Great Lakes Aquatic Nuisance Species Information System

Science Center Objects

The Great Lakes Aquatic Nuisance Species Information System (GLANSIS) was developed by the NOAA Great Lakes Science Center to monitor nonindigenous aquatic species introductions into the Great Lakes region.

Great Lakes highlighted map

Great Lakes highlighted map

The Science Issue and Relevance: The threat of invasive species is ongoing in the Great Lakes region through both intentional (e.g. stocking, bait release, aquarium release) and unintentional (e.g. ballast water, hull fouling, canal) pathways. As the largest freshwater habitat in North America, the Great Lakes make up a diverse and critical ecosystem that is currently home to over 180 established nonindigenous species. The Great Lakes Aquatic Nuisance Species Information System (GLANSIS) was developed by the NOAA Great Lakes Science Center to monitor nonindigenous aquatic species introductions into the Great Lakes region and has partnered with the USGS Nonindigenous Aquatic Species (NAS) Program, which is a longstanding national database (nas.er.usgs.gov) of aquatic nuisance species occurrence information. This partnership has made these occurrence data more readily available to resource managers and the general public in the Great Lakes region. This partnership is a valid collaboration as NOAA possesses local biological expertise for the Great Lakes region and USGS has a database infrastructure in place to monitor and track nonindigenous species in a Geographic Information System.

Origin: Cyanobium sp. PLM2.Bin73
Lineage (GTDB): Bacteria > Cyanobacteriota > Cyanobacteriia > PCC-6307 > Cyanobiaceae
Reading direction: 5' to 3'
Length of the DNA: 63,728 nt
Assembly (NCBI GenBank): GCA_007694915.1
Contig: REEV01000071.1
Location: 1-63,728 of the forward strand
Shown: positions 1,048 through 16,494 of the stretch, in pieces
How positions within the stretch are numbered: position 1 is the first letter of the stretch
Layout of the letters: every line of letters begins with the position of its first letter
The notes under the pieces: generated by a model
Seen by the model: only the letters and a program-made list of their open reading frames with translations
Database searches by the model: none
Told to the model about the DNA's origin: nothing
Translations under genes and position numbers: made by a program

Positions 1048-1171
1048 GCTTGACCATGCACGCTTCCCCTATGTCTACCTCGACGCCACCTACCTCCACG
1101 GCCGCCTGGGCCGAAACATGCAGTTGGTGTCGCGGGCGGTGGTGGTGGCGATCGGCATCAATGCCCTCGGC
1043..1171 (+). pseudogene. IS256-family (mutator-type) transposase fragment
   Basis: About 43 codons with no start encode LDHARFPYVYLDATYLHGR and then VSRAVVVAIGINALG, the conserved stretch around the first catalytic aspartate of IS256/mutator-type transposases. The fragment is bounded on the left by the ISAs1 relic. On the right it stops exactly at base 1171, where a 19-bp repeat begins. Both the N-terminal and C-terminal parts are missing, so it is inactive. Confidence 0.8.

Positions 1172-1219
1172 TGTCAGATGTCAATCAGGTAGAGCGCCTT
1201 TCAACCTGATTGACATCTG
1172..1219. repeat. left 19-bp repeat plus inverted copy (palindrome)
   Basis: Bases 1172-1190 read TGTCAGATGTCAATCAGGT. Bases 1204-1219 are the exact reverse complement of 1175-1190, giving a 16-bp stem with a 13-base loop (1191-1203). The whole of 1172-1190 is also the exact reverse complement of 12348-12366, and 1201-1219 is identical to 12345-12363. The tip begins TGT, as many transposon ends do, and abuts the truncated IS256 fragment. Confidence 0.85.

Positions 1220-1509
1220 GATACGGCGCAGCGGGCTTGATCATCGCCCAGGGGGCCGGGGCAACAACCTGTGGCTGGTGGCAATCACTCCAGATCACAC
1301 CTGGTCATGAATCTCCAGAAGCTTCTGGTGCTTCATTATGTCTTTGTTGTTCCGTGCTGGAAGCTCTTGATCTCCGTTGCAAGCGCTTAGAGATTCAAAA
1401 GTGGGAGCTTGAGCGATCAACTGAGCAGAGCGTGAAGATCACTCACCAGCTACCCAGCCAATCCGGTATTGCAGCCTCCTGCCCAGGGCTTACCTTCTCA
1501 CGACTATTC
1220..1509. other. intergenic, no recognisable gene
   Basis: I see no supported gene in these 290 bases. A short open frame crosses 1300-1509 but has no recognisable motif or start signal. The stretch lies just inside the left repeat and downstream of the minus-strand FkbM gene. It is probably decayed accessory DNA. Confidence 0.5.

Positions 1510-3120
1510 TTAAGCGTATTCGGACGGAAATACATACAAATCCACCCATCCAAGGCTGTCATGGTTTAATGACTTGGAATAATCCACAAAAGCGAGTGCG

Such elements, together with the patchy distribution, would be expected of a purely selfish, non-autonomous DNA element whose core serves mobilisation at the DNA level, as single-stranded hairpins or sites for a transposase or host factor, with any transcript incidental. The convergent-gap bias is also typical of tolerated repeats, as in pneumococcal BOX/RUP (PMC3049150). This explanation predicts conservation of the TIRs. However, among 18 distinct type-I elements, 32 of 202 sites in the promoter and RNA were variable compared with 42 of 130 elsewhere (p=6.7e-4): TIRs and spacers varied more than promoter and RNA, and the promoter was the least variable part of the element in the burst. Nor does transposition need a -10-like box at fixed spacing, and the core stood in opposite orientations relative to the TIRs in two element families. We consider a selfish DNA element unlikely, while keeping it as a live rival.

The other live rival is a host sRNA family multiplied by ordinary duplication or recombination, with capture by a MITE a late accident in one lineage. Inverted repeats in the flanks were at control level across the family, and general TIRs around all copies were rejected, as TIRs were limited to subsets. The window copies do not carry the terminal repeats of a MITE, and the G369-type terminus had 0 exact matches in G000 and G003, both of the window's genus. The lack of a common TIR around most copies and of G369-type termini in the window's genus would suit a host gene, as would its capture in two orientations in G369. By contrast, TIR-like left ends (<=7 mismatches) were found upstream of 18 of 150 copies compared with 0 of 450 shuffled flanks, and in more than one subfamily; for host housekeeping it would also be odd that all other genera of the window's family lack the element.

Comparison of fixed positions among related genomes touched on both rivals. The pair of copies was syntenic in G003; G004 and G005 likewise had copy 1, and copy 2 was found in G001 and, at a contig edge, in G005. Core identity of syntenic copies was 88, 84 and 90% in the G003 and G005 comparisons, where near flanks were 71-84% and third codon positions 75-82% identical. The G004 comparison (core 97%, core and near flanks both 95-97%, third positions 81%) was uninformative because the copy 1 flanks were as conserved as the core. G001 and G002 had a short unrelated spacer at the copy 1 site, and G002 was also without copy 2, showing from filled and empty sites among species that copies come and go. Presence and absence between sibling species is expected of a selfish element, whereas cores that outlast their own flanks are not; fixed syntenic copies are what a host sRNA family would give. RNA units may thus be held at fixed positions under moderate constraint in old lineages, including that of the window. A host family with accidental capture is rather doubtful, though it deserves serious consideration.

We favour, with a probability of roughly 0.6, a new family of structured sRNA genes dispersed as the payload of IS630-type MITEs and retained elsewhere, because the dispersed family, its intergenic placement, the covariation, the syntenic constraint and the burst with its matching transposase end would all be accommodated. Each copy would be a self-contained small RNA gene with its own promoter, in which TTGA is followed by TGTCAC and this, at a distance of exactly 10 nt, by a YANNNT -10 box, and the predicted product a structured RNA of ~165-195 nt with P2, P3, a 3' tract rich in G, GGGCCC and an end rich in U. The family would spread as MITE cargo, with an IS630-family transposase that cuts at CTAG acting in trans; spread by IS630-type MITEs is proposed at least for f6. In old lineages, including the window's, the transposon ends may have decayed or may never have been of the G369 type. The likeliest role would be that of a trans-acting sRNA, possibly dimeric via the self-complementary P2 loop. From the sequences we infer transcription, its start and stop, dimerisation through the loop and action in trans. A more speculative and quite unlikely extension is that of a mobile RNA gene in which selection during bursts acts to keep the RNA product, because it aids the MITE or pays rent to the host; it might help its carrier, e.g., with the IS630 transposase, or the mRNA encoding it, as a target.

Methodology for Addressing the Issue: GLANSIS is a Great Lakes specific node of the NAS Program. NOAA personnel working on the GLANSIS project assist the USGS by entering detailed Great Lakes occurrence records and species profile information into the NAS system, and in return the NAS Program provides a searchable, filtered view of the Great Lakes data to the GLANSIS website. The NAS Program has obtained funding from both the NOAA Invasive Species Program and the Great Lakes Restoration Initiative for maintenance of the GLANSIS website.

Future Steps: Searching for data, entering data, and reviewing NAS records are constant and ongoing objectives tasked to both NOAA and NAS staff. Due to limited and intermittent funding, further development of GLANSIS has been minimal and slow.

Related Projects: Nonindigenous Aquatic Species Database and Website

Great Lakes Aquatic Nuisance Species Information System Banner

Great Lakes Aquatic Nuisance Species Information System Banner